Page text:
Stakeholders and/or target users
How to run:
Perspective cards is a quick activity to help you gain insight into how your product’s stakeholders or users see your product from their angle and perspective. A handy activity to do when you are feeling a little disjointed.
- Take the deck of cards and give it to your group. You can use more decks if you have a larger number participating.
- Pose a question to the group, they can be ones like: What cards best represent the product to you? What cards do you prefer? Rank them in order. You can even have people try to think from another person’s perspective when sorting. Seeing what stakeholders believe their users are thinking compared to others on the team can provide great insight.
- Give the group a few minutes to sort the cards out, grabbing ones they believe answer the question posed.
- Have the members explain their selections. Taking note why they picked certain cards over others.
Empathy is one of the key skills of a good designer, and by extension a good scoping team. Being able to understand how your users think and act opens your mind to a whole new range of possibilities. How you might approach a situation is wholly dependent on your collective experience as a human; experiences which may be very different to those you are trying to support and build for.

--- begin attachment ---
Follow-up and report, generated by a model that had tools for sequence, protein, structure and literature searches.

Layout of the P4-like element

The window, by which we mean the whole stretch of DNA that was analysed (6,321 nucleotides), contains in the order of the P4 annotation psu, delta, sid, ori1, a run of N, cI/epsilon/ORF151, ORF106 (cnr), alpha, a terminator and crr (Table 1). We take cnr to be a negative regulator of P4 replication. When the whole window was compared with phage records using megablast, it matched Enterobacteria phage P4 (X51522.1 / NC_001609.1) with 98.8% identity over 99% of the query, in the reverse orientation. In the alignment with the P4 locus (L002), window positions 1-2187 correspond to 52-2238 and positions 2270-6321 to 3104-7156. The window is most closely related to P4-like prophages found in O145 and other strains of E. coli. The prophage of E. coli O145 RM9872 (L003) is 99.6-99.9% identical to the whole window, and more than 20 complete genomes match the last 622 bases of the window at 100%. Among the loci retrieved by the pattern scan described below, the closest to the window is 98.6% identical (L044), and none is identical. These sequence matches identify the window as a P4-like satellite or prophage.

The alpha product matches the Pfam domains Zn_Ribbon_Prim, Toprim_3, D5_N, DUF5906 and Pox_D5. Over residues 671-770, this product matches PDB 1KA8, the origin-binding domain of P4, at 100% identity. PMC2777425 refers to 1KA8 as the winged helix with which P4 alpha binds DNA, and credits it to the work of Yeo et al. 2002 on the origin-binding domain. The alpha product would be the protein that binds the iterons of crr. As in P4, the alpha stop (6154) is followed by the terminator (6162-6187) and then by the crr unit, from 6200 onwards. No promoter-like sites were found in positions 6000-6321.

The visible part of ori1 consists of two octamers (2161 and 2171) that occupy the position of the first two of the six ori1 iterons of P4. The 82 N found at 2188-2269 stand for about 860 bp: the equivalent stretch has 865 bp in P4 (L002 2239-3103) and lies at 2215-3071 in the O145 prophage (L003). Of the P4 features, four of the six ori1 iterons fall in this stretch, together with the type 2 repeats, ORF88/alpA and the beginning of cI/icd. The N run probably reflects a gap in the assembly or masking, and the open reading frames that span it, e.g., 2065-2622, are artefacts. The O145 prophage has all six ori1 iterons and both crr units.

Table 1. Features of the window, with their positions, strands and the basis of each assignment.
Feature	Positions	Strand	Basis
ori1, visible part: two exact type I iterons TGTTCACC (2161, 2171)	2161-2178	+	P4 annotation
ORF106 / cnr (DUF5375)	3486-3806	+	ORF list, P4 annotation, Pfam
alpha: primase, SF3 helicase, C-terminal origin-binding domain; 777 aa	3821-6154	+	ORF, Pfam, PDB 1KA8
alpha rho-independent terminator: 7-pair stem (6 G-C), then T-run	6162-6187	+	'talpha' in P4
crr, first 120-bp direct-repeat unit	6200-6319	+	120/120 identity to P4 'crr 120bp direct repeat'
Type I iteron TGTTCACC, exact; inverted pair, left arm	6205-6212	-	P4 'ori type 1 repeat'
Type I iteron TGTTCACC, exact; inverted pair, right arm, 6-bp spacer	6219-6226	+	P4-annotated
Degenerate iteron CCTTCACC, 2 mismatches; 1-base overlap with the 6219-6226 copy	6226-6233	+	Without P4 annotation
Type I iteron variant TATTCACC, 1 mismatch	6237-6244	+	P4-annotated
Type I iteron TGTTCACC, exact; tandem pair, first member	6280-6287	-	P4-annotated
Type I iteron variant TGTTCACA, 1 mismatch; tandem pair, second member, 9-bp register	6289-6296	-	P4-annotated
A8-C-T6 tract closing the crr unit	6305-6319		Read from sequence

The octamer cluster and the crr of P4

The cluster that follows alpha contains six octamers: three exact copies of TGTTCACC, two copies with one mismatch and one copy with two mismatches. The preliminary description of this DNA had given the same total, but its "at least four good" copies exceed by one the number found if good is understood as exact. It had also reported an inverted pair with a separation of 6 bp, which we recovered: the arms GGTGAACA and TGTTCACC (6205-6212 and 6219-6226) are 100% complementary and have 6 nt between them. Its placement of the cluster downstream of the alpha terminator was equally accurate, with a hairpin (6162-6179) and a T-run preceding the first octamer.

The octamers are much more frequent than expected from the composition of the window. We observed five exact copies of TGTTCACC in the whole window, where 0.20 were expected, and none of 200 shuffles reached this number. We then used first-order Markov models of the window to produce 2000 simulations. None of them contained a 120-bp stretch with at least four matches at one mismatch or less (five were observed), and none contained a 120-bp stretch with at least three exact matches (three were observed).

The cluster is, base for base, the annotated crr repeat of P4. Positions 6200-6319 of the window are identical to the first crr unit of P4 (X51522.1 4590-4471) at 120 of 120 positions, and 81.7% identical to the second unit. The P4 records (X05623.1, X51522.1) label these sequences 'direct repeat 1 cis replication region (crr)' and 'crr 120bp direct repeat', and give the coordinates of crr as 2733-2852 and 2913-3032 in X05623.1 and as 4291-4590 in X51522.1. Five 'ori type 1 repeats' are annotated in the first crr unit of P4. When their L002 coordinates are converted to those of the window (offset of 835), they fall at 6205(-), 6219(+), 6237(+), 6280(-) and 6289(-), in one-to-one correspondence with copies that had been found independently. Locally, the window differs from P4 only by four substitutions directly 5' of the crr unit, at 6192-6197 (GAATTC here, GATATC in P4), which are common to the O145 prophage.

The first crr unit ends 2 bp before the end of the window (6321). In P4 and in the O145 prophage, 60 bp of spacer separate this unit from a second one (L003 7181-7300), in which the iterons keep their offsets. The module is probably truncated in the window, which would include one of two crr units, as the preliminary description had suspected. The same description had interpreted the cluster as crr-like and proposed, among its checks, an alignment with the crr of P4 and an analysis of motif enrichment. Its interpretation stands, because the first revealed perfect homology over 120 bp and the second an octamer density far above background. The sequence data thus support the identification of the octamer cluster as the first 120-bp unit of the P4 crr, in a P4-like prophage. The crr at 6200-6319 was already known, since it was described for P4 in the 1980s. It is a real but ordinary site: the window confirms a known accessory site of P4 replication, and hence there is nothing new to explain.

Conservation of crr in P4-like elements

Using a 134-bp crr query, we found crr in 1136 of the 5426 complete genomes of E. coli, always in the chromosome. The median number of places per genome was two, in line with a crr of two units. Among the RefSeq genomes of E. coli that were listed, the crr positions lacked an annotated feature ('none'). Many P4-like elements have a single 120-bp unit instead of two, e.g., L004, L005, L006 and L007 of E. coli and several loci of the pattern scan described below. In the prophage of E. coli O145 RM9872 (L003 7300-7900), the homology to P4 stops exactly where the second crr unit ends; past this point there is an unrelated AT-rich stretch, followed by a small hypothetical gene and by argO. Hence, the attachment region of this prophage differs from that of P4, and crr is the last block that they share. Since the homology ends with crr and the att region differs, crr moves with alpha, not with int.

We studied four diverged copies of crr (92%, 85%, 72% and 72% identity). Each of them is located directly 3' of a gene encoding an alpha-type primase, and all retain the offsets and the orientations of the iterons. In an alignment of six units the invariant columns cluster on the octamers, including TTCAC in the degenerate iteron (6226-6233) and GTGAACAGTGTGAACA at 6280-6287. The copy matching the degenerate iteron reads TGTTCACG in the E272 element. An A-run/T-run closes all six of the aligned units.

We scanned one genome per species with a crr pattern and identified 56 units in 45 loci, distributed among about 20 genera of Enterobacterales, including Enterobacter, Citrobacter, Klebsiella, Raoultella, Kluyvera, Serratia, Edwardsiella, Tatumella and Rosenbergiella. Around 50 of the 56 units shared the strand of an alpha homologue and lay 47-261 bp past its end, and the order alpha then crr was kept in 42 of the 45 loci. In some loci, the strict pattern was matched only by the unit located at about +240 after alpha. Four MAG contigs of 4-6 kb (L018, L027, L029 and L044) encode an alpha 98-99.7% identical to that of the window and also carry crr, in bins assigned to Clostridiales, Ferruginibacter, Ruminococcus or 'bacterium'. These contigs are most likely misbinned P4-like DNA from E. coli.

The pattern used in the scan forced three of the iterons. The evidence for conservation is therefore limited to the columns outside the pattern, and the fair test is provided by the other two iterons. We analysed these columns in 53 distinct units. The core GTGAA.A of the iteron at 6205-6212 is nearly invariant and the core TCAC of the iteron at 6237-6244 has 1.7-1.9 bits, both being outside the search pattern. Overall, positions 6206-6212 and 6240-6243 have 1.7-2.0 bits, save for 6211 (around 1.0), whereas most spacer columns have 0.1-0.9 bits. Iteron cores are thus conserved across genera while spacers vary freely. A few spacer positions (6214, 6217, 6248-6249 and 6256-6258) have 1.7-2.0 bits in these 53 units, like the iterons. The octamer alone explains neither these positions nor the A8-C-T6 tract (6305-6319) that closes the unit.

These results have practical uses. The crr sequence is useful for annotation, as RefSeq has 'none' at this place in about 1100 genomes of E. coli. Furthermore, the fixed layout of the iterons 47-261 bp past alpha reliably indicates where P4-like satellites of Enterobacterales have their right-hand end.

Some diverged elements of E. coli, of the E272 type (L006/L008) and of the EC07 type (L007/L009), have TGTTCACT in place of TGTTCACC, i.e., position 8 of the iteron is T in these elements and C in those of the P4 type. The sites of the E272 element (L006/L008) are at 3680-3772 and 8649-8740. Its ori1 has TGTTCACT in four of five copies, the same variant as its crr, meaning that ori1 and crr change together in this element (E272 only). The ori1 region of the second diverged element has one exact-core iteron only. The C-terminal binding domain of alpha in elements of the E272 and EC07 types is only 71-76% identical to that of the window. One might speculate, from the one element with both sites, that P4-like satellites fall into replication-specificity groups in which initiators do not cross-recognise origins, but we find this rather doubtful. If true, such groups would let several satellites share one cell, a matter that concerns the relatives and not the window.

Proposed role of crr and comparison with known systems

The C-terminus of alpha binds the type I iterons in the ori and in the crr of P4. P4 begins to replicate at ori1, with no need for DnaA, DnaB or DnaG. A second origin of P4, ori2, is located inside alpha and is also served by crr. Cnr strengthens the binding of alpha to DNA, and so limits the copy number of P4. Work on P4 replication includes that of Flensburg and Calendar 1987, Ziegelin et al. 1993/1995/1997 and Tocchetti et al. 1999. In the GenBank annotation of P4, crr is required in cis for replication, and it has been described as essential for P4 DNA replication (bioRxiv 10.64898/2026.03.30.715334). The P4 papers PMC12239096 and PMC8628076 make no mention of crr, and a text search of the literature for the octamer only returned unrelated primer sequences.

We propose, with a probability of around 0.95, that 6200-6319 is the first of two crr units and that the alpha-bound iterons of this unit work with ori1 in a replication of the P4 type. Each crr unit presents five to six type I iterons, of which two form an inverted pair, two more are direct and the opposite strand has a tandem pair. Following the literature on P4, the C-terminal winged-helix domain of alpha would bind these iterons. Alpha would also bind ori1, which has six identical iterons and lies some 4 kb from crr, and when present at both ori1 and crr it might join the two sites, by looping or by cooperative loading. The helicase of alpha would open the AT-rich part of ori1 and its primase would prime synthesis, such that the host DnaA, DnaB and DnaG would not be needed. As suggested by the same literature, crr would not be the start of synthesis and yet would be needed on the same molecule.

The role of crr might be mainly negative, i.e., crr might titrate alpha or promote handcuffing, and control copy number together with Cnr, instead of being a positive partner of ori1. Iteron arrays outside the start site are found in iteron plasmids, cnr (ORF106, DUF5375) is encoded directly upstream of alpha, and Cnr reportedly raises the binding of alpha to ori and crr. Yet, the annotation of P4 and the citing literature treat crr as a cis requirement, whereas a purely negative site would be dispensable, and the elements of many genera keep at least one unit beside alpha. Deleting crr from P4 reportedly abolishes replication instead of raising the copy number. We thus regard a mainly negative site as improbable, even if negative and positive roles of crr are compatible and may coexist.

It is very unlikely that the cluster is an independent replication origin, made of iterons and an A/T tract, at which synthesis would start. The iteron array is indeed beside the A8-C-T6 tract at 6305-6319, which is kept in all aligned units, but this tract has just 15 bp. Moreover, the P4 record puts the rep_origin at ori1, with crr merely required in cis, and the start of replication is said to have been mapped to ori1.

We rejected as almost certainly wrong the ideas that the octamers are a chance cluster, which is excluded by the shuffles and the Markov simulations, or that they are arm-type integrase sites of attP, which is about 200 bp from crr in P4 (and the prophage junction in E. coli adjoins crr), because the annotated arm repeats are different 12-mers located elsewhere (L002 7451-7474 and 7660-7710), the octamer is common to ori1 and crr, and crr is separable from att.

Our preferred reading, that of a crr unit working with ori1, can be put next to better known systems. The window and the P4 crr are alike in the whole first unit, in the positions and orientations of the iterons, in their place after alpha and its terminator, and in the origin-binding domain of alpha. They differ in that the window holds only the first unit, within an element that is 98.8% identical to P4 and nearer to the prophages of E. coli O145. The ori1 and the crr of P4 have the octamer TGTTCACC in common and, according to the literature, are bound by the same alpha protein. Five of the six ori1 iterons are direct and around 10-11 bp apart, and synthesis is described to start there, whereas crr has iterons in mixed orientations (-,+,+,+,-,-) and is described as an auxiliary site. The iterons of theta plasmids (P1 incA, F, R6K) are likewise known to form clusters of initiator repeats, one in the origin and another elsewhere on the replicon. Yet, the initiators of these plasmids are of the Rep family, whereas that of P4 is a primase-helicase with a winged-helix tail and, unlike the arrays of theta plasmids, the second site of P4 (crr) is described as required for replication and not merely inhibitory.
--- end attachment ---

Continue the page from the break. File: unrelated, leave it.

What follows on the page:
It is very important to get to know how these people think and tackle problems, so you can offer a solution they would consider viable and enjoyable. Even when you are not building for anyone outside your office, it is still important to understand how your stakeholders feel about the project and what they envision.
This activity is a simple one which helps those who have trouble understanding or sharing their perspective on things. Rather than using words or being put on the spot to consider things that are instinctual, they can be mindful of selecting from just a handful of cards to help show what they are thinking.
The scoping team can gain some amazing insight into how everyone else is thinking and considering the same problem they trying to solve. It is even a good idea to do the activity as a scoping team first, then seeing just how close you were when the stakeholders or users did it. Seeing how close you aligned to their perspective, can help you reposition yourselves to design a product that meets their needs.
Set up the space